Roger Federer’s forehand; Bjorn Borg’s backhand: Constructing the ultimate Wimbledon Frankenstein

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Roger Federer can make Wimbledon history by winning an eighth title at SW19 next month, but would that cement the Swiss legend's place as the all-time greatest on grass?

Choosing between the likes of Federer, Pete Sampras, Bjorn Borg and John McEnroe is a thankless task – so what if you could take a bit of all of them?

Here, Press Association Sport constructs the Ultimate Wimbledon Champion.

Forehand: Roger Federer

The seven-time champion could have been named at the top of a number of categories but, in his pomp, Federer’s forehand was his most potent weapon. The Swiss used the stroke to dictate points with devastating angle, power and precision.

Backhand: Bjorn Borg

Borg’s looping back-swing became a trademark part of the Swede’s armoury and he unleashed it with particular effect on the backhand side. Deploying levels of top spin unseen before in the game, Borg’s two-hander was an essential part of his five consecutive Wimbledon wins.

Serve: Goran Ivanisevic

Ivanisevic still holds the record for the most aces in a major tournament after he hit 213 en route to winning his sole Wimbledon title as a wild card in 2001. The 6ft 4in left-hander had the height, angle and blistering power to trouble any opponent.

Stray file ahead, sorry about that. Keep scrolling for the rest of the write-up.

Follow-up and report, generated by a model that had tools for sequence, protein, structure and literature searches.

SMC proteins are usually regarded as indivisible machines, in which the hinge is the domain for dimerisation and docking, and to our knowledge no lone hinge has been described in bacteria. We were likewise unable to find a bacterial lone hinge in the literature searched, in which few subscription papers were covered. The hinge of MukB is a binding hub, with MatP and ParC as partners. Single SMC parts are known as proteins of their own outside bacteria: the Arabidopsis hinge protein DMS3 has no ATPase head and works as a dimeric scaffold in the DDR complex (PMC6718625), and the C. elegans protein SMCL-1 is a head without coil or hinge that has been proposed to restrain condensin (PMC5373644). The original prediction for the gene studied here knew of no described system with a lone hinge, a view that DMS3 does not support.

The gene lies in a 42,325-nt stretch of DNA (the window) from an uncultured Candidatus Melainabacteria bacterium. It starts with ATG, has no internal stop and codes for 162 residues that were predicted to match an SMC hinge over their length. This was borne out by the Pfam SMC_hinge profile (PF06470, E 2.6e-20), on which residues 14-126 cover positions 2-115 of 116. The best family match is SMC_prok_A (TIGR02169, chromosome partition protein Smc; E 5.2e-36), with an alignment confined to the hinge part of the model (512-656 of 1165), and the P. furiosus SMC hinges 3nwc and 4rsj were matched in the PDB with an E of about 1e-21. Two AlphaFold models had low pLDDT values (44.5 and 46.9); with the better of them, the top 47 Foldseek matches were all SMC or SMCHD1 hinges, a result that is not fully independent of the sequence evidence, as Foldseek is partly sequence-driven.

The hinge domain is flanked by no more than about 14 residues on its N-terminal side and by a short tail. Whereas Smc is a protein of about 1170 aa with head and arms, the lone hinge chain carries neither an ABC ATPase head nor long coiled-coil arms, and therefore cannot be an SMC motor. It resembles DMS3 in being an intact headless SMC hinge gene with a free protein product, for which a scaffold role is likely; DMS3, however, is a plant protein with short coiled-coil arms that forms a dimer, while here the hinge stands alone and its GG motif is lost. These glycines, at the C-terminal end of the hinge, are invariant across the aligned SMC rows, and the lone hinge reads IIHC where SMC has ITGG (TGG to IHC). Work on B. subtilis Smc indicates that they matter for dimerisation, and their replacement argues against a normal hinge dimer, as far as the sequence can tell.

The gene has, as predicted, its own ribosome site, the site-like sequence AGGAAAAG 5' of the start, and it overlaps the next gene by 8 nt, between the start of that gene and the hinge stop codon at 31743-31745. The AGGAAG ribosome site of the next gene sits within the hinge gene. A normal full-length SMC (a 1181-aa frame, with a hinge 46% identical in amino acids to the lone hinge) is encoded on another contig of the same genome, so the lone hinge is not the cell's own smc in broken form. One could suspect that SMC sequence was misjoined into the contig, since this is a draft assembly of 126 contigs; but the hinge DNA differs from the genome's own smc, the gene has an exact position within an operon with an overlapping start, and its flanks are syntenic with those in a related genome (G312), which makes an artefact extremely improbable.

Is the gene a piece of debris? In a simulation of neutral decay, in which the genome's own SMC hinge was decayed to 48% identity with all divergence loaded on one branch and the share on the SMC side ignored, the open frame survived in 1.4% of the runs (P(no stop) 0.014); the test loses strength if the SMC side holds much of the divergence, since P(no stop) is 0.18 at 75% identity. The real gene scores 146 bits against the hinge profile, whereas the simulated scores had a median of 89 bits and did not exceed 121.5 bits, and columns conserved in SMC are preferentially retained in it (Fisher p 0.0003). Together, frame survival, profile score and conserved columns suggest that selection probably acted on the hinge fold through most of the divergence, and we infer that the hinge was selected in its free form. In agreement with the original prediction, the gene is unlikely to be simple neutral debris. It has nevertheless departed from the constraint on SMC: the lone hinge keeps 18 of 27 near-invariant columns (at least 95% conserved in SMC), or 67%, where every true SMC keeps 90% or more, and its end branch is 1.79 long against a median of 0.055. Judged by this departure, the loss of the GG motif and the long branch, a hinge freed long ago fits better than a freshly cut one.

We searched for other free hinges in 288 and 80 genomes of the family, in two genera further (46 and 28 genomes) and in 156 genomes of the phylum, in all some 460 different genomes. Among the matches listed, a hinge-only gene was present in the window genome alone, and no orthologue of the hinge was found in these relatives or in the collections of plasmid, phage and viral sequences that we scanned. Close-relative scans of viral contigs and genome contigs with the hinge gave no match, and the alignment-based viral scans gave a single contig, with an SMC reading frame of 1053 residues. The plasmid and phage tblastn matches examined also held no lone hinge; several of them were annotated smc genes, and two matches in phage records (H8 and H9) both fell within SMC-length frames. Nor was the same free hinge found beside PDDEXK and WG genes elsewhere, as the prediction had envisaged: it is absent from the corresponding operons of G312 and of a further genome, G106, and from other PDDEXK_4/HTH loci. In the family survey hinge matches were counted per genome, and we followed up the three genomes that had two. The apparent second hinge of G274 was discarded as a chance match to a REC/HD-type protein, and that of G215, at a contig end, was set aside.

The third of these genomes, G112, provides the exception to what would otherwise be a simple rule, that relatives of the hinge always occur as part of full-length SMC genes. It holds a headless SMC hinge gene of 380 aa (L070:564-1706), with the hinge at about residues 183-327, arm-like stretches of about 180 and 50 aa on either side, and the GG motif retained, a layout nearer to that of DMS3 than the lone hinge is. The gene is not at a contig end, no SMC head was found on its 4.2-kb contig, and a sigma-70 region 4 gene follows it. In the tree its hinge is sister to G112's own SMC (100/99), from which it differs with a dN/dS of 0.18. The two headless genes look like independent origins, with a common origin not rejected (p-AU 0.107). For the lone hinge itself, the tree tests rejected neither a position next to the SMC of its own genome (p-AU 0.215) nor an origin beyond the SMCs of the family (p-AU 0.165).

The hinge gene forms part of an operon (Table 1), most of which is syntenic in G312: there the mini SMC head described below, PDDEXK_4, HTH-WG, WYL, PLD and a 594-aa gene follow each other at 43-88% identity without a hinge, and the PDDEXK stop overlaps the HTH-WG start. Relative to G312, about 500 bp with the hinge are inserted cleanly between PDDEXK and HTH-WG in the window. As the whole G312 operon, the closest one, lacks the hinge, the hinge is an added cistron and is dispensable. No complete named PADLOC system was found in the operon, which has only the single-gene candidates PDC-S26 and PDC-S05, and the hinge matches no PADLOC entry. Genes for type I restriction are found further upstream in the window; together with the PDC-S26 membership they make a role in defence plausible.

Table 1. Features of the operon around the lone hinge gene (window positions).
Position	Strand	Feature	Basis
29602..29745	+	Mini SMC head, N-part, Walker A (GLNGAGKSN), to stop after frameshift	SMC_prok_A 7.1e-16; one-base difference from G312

Return: Andre Agassi

Agassi is considered by many to be the greatest returner of serve the game has ever seen and it was a shot that was key to him claiming his one Wimbledon triumph in 1992. The American took the ball early to rush his opponents and was often able to hit a clean winner.

Smash: Pete Sampras

Sampras was an explosive champion, renowned for his serve, forehand and strength at the net. The American will is also remembered for his slam-dunk smash, where he acrobatically leapt up and met the ball mid-air before invariably booming it past a helpless opponent.

Volley: John McEnroe

McEnroe was not blessed with the fastest serve on the circuit but he was still a dedicated serve and volleyer, even on clay, and enjoyed particular success at Wimbledon. McEnroe’s touch, accuracy and fast reflexes were at the heart of his three titles at SW19.

Athleticism: Boris Becker

The lasting image of Becker at Wimbledon is that of a sprightly teenager, diving through the air to scramble another volley over the net. Becker was also fit, fast and remarkably agile, three qualities he used to great advantage during his three Wimbledon triumphs.

Attitude: Jimmy Connors

A street-fighter on the tennis court, Connors simply never knew when to give up and he used to deploy any tactic he could to psyche out his opponent. The American once said: “Some people just don’t seem to understand that it’s damn war out there.”

Crowd-pleasing: Pat Cash

A popular player throughout his career, Cash wrote his name into Wimbledon folklore after his sole success in 1987 when he climbed the stands on Centre Court to celebrate with his team in the players’ box. It was an instinctive and unforgettable reaction that has been copied by many a champion since.